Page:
“Split is simply continuing with a thread that Hitchcock’s 1960 film helped popularise, contributing to a larger, problematic myth that individuals with such a disorder are the go-to guys for deception, torture and killing”
You don’t have to go too deep into the internet to find lists like this one: “7 Of The Best Movies Featuring Characters With Dissociative Identity Disorder”. While the title itself is heavy-handed at best, what’s even more telling is that of the chosen seven, only Edward Norton and Brad Pitt’s dual-character in Fight Club (who takes number one spot, in case you were wondering) isn’t seen to directly murder anyone on-screen. With films such as these using the idea of projected, alternate personas as violent narrative shortcuts, psychological disorder has been reduced to a simple plot device. Why waste valuable pages of your screenplay constructing a complex backstory, when you can just stick a knife in someone’s hand and let the audience know that they’re mentally ill. Such cultural regurgitation has desensitised us from questioning the method; as a viewing audience, we’re so used to seeing it that it’s become commonplace and expected.
With Split, Shyamalan takes this even further. With the emergence of ‘The Beast’, Kevin makes the jump from killer to monster – in the literal sense. The Beast isn’t a metaphor, or even a scary self-christening. As a direct result of his disorder’s severity, Kevin is able to alter his physiological makeup, transforming into a wall-climbing predator with a hankering for human flesh. While cinema has long toyed with mental illness as a representation of otherness, Split throws out the symbolism and goes straight for teenage-girl-eating monster. Somehow, it manages to strip a sorry trope of the little humanness it had left, attempting to give it scientific wasting for good measure.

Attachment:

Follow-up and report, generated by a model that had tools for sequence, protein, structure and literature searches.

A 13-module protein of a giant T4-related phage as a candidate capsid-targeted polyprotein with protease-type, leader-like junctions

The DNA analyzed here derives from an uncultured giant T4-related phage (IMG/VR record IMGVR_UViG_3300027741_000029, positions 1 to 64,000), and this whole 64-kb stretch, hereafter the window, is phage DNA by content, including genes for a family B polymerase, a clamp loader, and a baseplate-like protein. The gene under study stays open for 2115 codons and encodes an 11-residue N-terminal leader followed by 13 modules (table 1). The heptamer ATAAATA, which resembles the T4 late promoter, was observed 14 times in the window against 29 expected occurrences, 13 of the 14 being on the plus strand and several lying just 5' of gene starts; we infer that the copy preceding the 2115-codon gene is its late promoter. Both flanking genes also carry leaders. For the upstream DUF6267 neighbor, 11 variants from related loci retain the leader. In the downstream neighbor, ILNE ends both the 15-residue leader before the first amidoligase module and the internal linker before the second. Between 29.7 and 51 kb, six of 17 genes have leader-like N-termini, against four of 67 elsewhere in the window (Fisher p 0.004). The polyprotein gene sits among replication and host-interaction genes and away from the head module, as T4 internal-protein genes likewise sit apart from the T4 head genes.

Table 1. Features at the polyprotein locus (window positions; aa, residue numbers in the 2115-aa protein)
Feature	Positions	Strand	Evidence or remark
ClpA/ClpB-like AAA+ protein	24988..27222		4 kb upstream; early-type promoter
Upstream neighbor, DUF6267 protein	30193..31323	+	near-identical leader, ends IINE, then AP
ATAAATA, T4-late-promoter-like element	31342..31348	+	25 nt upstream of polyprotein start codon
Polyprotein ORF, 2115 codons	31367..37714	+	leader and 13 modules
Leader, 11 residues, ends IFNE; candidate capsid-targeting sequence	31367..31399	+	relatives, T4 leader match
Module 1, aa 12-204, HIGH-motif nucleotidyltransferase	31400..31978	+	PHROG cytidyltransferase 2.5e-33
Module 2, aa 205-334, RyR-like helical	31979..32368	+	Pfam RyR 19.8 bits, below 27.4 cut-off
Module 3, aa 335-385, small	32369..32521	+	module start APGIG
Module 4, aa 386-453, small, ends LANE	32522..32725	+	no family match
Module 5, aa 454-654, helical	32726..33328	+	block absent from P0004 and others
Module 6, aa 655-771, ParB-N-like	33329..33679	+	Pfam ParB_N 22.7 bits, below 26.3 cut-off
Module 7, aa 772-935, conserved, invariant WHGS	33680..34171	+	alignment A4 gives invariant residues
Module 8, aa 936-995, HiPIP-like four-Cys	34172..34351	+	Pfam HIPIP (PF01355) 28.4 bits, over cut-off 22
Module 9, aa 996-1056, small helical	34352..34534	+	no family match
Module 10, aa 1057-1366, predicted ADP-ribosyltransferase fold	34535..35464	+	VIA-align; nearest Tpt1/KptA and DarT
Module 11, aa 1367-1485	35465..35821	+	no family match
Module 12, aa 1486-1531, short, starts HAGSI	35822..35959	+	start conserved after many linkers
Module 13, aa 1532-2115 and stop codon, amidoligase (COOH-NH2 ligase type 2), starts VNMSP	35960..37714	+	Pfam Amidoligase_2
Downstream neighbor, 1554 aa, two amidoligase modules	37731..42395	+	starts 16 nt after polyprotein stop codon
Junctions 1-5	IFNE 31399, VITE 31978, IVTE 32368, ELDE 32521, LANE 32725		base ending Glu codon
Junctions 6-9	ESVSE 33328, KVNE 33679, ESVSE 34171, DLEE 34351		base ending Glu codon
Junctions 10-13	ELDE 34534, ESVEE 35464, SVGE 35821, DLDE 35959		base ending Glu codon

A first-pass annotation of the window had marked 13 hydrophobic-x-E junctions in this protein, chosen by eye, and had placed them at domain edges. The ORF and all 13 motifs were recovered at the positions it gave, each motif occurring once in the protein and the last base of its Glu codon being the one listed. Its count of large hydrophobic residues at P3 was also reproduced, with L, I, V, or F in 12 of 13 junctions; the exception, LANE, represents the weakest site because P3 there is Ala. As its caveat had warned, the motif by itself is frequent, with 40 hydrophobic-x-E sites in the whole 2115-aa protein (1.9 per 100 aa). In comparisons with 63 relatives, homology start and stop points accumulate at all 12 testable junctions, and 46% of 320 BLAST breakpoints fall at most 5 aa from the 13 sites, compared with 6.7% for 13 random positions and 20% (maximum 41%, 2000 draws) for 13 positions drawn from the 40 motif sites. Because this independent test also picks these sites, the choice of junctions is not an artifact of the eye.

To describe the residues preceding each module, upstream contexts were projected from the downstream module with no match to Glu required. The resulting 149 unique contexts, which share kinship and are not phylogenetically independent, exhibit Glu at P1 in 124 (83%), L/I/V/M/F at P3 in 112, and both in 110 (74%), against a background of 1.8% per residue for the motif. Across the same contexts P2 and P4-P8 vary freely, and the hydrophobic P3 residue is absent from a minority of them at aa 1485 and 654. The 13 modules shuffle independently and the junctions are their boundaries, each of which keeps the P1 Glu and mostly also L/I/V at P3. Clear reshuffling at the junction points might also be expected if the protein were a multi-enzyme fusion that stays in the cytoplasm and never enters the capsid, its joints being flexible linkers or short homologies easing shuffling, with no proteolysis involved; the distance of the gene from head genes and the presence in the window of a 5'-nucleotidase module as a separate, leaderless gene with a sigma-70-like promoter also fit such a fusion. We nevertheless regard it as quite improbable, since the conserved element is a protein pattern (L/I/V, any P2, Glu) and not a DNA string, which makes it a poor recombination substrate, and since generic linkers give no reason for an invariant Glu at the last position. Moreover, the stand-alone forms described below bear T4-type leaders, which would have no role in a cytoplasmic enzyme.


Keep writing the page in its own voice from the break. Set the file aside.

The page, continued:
What stings the most, though, is that Split is far from a bad film. In fact, it’s almost a very good one. James McAvoy’s performance is a multifaceted tour de force, while Shyamalan’s narrative unravels gradually like a claustrophobic nightmare, before exploding into an all-out slasher.
With the positivity that surrounds the film, cinema’s infatuation with psychological disorder – dissociative identity in particular – has been given a leg up. When fact and fiction are entangled in such an overt way, the implications can range from problematic to dangerous. Split’s representation of dissociative identity disorder is backwards and inaccurate, that does no help to cultural misconceptions about mental illness on a wider level. In all of its attempts to be quirkily forward-facing, Split finds itself anchored by a narrative anachronism first devised as early as Victorian England (and here’s to you, Dr Jekyll). Night Shyamalan’s return is, for him, a triumph. For millions of people across the world already battling with stigmatisation, it’s a real shame.
Follow Niall Flynn on Twitter here @nwflynn